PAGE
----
Simcha Feuerman
Psychology, Torah and the Daf Yomi

Setbacks Are Serious But Routine Nazir 63 Psychology of the Daf Yomi

Our Gemara on Amud Aleph quotes the verse which describes what the Nazir must perform in order to recover and restart his Nazirhood, subsequent to becoming exposed to a corpse (Bamidbar 6:9):

וְכִֽי־יָמ֨וּת מֵ֤ת עָלָיו֙ בְּפֶ֣תַע פִּתְאֹ֔ם וְטִמֵּ֖א רֹ֣אשׁ נִזְר֑וֹ וְגִלַּ֤ח רֹאשׁוֹ֙ בְּי֣וֹם טׇהֳרָת֔וֹ בַּיּ֥וֹם הַשְּׁבִיעִ֖י יְגַלְּחֶֽנּוּ׃

If someone dies suddenly nearby, defiling the consecrated hair, the [nazirite] shall shave the head at the time of becoming pure, shaving it on the seventh day.

Rav Avraham Yitschok Shein in his Sefer (Shemu’a Yaffa, Nasso) notes that the order of the verses are disjointed. One would expect that the Torah would first detail the procedure for a regular Nazir, his initiation, rules of conduct, and concluding sacrifices and rituals. Instead, the Torah first discusses the regular Nazir’s initiation and rules, then interrupts with a discussion about what to do if he is defiled by a corpse and its various rituals and sacrifices, and then resumes with the discussion of the routine Nazir and its sacrifices brought upon completion.

Rav Shein suggests the Torah is emphasizing that the path to spiritual success is fraught with potential pitfalls. Even though these pitfalls are a setback and necessitate a resetting of the counted days, they are also to be expected. One should not despair or lose heart.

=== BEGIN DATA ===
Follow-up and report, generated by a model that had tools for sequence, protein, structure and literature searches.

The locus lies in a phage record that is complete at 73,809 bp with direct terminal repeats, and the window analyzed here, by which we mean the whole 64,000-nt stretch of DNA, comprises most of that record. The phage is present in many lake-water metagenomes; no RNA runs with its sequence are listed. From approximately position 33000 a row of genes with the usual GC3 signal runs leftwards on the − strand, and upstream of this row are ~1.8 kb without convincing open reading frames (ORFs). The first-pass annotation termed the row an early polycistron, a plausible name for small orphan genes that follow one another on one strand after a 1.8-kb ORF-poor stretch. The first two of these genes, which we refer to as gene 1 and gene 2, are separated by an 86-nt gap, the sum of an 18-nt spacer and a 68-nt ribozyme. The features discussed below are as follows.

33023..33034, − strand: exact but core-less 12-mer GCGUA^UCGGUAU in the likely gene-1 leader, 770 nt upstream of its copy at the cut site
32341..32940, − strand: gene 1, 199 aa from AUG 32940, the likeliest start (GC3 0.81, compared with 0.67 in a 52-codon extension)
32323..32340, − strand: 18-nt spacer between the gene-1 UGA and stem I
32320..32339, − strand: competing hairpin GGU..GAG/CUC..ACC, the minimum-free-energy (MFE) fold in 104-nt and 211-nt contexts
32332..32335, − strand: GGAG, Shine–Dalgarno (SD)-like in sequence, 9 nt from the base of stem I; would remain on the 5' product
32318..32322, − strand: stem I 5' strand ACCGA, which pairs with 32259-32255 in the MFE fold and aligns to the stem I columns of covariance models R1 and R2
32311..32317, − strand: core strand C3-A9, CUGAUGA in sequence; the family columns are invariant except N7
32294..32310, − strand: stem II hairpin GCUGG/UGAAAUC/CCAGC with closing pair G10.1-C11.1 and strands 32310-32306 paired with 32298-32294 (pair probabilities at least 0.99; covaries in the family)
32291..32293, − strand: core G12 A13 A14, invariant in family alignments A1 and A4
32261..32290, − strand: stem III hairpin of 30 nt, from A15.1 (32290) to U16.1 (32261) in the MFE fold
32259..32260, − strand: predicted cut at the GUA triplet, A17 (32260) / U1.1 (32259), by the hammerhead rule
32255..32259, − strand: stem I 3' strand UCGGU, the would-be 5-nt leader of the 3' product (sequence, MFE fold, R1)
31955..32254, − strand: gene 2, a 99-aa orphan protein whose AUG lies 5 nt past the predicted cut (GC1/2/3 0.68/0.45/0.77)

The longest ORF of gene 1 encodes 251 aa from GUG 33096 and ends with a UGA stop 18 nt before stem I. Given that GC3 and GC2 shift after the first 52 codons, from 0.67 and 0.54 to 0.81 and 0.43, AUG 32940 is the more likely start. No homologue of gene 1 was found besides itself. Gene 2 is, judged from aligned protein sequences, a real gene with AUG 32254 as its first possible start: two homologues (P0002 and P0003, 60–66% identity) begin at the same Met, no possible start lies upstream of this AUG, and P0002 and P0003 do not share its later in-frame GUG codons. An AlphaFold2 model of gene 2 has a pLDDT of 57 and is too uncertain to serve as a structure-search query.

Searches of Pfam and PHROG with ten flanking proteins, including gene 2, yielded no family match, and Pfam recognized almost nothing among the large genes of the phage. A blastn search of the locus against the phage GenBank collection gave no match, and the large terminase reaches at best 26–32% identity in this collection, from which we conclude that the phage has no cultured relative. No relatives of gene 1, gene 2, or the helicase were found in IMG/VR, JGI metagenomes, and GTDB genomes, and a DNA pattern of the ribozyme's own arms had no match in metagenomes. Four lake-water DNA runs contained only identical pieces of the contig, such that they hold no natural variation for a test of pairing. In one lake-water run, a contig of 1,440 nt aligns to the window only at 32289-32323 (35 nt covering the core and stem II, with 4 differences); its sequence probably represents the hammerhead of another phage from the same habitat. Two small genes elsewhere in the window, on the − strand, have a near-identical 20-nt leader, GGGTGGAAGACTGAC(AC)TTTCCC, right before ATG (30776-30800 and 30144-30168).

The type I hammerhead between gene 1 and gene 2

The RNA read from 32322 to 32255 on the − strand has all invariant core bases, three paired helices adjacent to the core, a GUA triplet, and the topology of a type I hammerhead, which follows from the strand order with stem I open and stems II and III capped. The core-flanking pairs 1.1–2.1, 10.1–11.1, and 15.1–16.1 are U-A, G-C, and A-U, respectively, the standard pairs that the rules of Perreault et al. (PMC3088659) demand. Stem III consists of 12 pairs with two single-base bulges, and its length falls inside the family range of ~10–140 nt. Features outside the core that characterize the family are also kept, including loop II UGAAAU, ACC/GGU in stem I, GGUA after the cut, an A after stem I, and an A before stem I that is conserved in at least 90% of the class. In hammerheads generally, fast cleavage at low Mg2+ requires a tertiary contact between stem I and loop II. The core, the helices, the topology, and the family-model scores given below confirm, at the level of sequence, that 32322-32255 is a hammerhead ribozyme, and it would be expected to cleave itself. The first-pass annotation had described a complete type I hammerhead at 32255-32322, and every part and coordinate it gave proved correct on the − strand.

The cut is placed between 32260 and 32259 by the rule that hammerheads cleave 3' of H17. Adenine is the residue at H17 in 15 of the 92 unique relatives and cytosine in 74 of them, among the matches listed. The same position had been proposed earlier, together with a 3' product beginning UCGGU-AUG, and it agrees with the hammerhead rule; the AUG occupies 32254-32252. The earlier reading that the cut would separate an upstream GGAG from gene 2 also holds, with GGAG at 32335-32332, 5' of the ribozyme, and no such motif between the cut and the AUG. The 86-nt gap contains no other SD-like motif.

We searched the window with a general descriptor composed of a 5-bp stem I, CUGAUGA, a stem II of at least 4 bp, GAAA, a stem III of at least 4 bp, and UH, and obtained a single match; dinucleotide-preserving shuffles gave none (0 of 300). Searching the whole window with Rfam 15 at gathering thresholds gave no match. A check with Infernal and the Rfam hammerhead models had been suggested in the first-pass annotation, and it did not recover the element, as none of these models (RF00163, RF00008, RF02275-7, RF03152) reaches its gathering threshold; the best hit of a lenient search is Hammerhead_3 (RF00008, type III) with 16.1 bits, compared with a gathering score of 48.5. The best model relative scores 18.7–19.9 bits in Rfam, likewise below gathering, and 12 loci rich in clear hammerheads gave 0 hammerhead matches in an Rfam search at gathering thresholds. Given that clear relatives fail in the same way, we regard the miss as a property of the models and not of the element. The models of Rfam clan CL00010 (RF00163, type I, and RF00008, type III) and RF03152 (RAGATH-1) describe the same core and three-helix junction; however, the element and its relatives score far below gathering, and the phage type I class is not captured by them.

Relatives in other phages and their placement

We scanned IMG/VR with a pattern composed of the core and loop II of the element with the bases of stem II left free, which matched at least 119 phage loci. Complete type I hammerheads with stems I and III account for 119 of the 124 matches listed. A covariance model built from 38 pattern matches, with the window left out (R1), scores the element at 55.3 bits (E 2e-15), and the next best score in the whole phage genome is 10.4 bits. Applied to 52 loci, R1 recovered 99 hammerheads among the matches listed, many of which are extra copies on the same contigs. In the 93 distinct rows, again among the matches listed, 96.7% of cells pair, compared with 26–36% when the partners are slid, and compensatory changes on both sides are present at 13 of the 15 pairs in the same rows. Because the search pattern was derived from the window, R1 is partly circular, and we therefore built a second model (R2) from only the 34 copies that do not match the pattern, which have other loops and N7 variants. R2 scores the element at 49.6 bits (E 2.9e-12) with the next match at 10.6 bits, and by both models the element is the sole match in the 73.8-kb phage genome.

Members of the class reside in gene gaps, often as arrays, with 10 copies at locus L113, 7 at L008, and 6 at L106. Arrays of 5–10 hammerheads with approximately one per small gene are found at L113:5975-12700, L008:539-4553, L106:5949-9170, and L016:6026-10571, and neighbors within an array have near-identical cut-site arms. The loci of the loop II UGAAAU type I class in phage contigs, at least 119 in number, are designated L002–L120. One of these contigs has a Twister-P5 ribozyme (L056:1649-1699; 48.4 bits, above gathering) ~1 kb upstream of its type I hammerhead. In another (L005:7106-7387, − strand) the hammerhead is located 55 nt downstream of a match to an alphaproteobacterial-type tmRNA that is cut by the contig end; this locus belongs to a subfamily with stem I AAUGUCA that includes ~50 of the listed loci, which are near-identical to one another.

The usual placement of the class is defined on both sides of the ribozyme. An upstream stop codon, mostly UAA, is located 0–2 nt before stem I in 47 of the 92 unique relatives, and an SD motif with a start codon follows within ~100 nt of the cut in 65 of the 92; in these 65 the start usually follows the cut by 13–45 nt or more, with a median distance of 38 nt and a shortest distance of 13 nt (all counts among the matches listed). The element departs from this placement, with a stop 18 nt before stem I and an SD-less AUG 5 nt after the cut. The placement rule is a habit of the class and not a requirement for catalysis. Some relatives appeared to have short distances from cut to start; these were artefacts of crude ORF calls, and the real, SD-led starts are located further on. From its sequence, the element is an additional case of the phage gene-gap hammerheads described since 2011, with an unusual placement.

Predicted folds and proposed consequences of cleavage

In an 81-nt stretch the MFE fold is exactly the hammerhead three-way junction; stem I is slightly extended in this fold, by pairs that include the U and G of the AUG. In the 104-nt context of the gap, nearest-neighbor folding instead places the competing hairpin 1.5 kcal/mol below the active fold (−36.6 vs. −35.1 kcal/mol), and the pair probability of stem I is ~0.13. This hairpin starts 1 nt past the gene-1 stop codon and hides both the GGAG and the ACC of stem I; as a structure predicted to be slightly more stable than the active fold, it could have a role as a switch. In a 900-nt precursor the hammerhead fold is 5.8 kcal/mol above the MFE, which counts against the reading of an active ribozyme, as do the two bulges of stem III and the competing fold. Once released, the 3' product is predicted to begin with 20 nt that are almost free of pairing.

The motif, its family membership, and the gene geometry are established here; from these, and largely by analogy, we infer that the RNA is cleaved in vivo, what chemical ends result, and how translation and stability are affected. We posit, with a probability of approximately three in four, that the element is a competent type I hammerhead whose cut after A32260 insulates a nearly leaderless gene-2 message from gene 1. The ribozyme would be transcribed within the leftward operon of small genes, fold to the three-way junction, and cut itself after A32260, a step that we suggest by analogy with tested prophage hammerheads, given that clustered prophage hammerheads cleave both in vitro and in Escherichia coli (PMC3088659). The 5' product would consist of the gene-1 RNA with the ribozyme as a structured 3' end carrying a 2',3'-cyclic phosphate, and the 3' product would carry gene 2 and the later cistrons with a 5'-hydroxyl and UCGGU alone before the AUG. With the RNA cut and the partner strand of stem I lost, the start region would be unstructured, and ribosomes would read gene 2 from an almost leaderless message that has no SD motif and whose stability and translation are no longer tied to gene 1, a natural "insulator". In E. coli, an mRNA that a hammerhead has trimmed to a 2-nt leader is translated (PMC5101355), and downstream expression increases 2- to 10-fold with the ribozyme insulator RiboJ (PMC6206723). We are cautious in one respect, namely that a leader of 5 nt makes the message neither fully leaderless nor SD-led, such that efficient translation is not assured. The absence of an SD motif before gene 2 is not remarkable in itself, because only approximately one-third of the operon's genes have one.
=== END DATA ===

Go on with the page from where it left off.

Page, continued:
Persons in Twelve Step programs count their days of sobriety, and honor the attainment of certain milestones, such as 90 days or one year.  Can you imagine how difficult it is to come back to a meeting, after having been two years sober, to announce, “I am one day sober.”? Yet, people who seriously work the program do have setbacks and are able to be honest and face their peers as they restart their sobriety. 

Looking at it scientifically, we are by necessity, under a strong influence to maintain patterns.  The human organism follows patterns to conserve energy by allowing for thoughts and behaviors to operate on auto pilot. The Nazir, like others who want to make changes in life, resolves to make a break from his typical thoughts and behavior patterns.  He is pushing back against his system, and systems will resist change. It is important to be realistic about the process of change and it’s inevitable challenges.  Setbacks are serious but also routine. 

About the Author
Rabbi, Psychotherapist with 30 years experience specializing in high conflict couples and families.
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